The similarity of language and culture can be traced back in the book written by famous author from France, Pyrard’s “The Voyage”. He stayed in Male from 1602-1607 during the time of Kalaafaanu. In the book he narrates that during his journey back from Male, they happened to be in Maliku, where he found that the language and culture of the islanders were similar to the Maldivians. He also states that the atoll was under the Maldivian Kings once up on a time. He also states that the people acknowledged the condolences after hearing the martyrdom of Kalaafaanu. The closest land to Minicoy is Thuraakunu Island in the Republic of the Maldives about 100 km to the south across the Vangaaru Channel.

The fact that the British officer was unable to recognize the language still remains unanswered. One reason might be that he never had visited Maldives at the time, which resulted in the phonetic misunderstanding.

The main attraction of the island is its carefully arranged villages, known as ‘Avah’. Each Avah has its own internal organization headed by a Moopan, around which the life of the community rests. Every Village has its own village house. The public clubs for men and women which were the centers of a day night life in olden days are extinct now, but the buildings are still maintained in tact. Another curious remnant of old life in the island is the sheds where profligate men and women were exposed to communal punishment.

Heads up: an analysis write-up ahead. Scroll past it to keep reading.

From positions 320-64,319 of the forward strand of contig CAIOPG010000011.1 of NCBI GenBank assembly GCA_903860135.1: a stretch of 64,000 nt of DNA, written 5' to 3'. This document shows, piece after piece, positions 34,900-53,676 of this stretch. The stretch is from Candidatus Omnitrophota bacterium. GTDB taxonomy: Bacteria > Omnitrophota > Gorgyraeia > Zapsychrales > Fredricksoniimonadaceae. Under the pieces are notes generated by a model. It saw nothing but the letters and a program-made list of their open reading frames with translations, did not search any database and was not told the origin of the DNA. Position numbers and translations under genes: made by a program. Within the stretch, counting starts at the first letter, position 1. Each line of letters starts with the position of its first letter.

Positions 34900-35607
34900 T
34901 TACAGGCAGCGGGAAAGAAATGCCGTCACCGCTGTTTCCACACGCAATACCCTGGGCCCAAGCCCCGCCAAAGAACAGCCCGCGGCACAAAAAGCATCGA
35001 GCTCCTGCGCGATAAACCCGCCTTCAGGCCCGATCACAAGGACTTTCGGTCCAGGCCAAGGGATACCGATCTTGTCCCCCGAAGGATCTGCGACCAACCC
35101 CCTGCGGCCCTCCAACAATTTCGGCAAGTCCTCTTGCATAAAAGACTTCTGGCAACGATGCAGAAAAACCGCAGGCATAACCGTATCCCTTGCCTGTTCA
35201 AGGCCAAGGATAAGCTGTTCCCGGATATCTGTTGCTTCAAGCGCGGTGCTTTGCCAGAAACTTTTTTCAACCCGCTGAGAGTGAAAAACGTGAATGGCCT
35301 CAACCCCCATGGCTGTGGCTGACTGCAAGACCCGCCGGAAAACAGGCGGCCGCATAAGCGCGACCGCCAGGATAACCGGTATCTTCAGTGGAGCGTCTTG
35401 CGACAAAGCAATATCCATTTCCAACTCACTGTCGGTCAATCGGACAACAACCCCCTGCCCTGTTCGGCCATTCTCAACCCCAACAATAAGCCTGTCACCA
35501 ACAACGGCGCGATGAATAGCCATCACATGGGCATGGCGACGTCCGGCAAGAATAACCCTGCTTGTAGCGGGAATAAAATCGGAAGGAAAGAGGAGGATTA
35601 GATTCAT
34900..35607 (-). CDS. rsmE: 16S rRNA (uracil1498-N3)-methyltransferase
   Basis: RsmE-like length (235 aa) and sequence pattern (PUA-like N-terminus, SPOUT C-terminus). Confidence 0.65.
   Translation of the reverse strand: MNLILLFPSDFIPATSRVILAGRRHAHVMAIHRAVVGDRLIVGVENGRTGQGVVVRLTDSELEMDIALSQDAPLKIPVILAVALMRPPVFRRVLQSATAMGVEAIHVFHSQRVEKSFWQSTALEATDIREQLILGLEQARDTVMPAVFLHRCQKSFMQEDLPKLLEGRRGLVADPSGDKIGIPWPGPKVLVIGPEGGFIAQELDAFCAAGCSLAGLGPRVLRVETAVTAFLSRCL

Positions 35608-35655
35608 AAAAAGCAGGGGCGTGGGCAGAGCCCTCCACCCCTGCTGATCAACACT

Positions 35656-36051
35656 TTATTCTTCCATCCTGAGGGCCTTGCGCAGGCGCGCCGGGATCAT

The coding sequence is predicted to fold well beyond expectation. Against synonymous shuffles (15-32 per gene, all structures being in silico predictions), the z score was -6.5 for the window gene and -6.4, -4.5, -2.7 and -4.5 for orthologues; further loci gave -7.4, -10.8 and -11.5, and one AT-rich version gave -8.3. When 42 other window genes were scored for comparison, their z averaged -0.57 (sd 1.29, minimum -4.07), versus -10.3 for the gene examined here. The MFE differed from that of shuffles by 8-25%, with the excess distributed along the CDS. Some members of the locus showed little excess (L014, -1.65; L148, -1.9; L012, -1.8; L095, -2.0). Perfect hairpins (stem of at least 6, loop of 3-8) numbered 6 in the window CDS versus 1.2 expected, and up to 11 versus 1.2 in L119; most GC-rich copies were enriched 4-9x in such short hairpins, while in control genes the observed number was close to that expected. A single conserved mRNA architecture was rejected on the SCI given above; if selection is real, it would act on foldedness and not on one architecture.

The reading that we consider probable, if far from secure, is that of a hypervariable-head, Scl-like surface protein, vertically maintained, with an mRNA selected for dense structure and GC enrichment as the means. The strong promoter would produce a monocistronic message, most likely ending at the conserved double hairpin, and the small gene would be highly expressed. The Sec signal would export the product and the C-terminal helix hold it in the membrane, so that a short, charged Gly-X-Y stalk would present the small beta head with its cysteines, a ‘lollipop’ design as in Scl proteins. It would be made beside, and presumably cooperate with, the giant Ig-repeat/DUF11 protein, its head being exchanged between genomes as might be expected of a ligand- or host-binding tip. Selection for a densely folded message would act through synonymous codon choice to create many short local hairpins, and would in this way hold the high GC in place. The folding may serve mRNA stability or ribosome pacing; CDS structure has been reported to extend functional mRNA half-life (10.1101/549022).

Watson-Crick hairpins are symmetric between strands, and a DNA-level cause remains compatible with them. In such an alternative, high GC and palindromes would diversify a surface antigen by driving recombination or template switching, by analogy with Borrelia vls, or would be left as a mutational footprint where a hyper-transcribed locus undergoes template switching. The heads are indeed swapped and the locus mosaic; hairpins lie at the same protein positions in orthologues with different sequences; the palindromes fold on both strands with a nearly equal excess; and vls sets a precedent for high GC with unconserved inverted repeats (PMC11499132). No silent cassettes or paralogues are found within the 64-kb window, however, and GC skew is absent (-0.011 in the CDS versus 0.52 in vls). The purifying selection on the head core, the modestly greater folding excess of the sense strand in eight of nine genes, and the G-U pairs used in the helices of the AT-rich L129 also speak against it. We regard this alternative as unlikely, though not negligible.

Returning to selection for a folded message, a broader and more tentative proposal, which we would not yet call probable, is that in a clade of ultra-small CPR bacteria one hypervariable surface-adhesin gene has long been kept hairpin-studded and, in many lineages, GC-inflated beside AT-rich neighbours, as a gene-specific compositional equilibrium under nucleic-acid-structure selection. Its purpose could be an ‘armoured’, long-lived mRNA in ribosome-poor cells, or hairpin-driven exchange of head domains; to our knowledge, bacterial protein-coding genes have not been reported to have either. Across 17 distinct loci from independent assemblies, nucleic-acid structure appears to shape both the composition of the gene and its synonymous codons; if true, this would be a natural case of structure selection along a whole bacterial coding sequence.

The houses, which stand in their own private enclosures, are arranged in streets. They are kept neat and tidy and reflect the urge of the people for order and colour. All the houses have a swing cot made of wood which is beautifully furnished and painted in different hues. The inhabitants love a profusion of colours, be it on the beautifully engraved tabletops that decorate their houses or on fishing boats or racing dhonis. One of the handicrafts of the people is boat modeling which is a piece of art painted in different colours.

In total there are 10 villages in the island, and are named as Bada, Aoumagu, Boduathiri, Rammedu, Sedivalu, Aloodi, Funhilol, Kudehi, Falessery and Kendiparty (from south to north). Each village is headed by a Bodukaka and a Bodudatha assisted by a 2nd Bodukaka and a 2nd bodudatha. First Bodukaka looks after the internal matters of the village and 2nd Bodukaka the external affairs.

Village house is the place where ‘Baemedu’ (Assemblage of villagers) is held. As source of income a village has fishing boats, country crafts and coconut trees. Common feasts are conducted at the village house during the celebrations of Eid and other festive occasions.

The folk dances of Minicoy are ‘Lava’, Thaara’, ‘Dandi’, ‘Fuli’ and ‘Bandiya’. Colourful and elegant race boat known as ‘Jahadhoni’ are used for race, reception of dignitaries and for annual picnic to Viringili/Raggan.